The Deseret News recently published an op-ed highlighting some of the common misconceptions about the Bears Ears designation.
In the essay, the author stated there is a “list of multiple federal laws that have been established to ensure the protection of these sites and the way of a national monument was unnecessary.”
While there are laws to aid in the management of antiquities, the Antiquities Act is the most substantial means of preserving them, which includes the president’s authority to designate national monuments. While there are other pieces of legislation dealing with antiquities, they do not necessarily provide adequate protections for the rich history of the Bears Ears.
For example, Section 106 of the National Historic Preservation Act requires that land management agencies make a “good faith effort” to mitigate the potential impacts development may have to cultural sites when leased. This may not require the agency to consider cumulative impacts (vandalism/looting from increased access on new development roads, erosion, direct visual impacts, etc).
Furthermore, with little on-the-ground documentation, on-the-ground survey work may not be conducted until after the lease sale is finalized. In other words, if important cultural sites are found in this process, they sustain obligations to the sale of the lease. While the agency will try to mitigate impacts, how they are mitigated has been historically vague. There have been a few circumstances in which sites, including rock art and 3,000-year-old footprints preserved in mud, were directly bulldozed. In these cases, thorough documentation was considered as a sufficient “good faith effort” and construction resumed. More commonly, though, roads and transportation corridors are developed or dramatically improved near the sites discovered in the process, sometimes within 150 feet, dramatically increasing access to these sensitive resources.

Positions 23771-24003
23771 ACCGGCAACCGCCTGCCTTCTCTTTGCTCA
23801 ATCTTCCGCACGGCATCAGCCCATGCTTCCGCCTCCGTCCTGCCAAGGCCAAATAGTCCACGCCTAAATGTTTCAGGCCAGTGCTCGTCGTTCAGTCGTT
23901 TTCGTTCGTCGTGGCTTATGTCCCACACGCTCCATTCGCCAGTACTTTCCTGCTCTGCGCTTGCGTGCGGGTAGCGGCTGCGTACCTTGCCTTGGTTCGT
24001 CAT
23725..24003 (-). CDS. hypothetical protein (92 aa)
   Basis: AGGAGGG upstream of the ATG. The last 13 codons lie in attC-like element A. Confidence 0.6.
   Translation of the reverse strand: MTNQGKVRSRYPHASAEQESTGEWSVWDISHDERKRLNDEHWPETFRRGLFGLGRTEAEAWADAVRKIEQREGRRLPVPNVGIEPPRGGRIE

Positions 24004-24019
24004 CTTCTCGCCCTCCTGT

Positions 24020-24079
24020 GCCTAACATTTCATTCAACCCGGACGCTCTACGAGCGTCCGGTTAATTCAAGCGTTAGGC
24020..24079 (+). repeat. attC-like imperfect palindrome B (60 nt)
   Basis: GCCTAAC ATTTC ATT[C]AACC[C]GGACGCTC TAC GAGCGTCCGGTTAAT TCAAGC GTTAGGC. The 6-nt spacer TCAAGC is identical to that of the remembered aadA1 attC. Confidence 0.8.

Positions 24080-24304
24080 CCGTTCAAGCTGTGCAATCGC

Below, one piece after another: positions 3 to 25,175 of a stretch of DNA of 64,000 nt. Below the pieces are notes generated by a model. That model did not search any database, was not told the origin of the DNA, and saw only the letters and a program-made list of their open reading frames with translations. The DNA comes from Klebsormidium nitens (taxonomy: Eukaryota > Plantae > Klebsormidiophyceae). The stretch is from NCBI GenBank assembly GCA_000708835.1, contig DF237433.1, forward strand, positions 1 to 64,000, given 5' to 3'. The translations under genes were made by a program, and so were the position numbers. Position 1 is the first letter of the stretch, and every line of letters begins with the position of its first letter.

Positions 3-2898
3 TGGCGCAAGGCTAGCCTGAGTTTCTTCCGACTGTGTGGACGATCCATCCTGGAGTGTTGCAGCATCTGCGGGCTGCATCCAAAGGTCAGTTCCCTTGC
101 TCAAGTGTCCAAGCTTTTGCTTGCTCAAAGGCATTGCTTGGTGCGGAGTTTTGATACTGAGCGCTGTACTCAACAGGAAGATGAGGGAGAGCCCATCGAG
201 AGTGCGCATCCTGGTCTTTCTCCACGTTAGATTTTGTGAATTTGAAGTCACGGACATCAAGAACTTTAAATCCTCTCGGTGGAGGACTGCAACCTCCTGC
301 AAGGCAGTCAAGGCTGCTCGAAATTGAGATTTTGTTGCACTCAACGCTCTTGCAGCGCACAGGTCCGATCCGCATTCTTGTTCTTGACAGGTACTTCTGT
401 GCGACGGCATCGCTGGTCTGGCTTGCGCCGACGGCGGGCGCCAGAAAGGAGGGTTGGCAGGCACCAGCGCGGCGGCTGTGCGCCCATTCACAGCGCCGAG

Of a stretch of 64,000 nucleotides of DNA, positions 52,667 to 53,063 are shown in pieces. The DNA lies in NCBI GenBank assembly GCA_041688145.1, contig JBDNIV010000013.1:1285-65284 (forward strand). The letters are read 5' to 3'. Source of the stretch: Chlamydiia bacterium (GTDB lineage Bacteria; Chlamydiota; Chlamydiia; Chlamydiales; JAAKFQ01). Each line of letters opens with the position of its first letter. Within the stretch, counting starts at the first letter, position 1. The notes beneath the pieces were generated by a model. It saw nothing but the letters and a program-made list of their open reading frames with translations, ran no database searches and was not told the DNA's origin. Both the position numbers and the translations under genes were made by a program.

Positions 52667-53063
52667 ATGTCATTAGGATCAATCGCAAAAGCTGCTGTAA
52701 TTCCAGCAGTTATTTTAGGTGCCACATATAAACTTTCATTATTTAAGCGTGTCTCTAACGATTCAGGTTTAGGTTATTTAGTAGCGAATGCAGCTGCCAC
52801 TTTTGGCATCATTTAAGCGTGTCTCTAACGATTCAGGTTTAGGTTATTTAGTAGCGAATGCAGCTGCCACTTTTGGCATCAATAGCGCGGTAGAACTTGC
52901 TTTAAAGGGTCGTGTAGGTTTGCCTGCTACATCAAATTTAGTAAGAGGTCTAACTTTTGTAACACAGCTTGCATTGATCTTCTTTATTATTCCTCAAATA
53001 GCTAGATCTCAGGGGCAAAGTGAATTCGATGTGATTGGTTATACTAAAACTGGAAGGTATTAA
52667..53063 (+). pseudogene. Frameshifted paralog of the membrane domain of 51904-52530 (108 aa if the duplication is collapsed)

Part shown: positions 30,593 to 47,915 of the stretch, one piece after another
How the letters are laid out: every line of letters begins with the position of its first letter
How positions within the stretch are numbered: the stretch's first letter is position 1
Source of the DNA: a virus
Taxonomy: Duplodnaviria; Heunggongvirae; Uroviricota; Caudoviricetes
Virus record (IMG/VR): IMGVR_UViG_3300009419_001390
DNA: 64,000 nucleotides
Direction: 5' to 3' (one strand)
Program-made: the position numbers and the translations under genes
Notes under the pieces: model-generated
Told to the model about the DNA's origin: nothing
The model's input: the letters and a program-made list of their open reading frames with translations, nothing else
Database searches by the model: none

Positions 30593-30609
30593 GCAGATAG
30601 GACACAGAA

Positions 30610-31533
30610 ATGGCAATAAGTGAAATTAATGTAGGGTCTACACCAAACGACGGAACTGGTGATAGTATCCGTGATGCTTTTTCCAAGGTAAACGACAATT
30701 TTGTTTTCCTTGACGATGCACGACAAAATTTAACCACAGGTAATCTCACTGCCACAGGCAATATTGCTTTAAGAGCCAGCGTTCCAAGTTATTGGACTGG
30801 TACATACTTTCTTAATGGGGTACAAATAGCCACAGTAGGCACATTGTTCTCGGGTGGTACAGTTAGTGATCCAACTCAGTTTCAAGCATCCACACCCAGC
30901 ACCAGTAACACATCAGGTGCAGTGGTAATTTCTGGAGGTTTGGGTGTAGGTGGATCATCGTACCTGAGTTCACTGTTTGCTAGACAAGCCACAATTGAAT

On another point, the author asserted that other national monuments, specifically Wupatki National Monument, “restricted a lot of things the Navajos could do in this area, making it near impossible to continue their way of life.” While I have no formal comment on Wupatki, as I had no involvement or detailed information regarding its designation, it is important to note that national monuments are highly flexible means of managing exceptional resources. With varying conditions, agreements, and supporters (the Bears Ears being proposed by the Hopi, Navajo, Ute Mountain Ute, Zuni and Ute tribes), judging one by another unrelated national monument is simply misleading. The Bears Ears National Monument is a noninvasive designation that explicitly allows traditional activities including grazing, hunting and plant gathering. It also preserves access for hiking, camping and even existing mining leases. The designation does little more than restrict development in high-density cultural areas while simultaneously providing an increase in funding for management.
Ferron, Emery County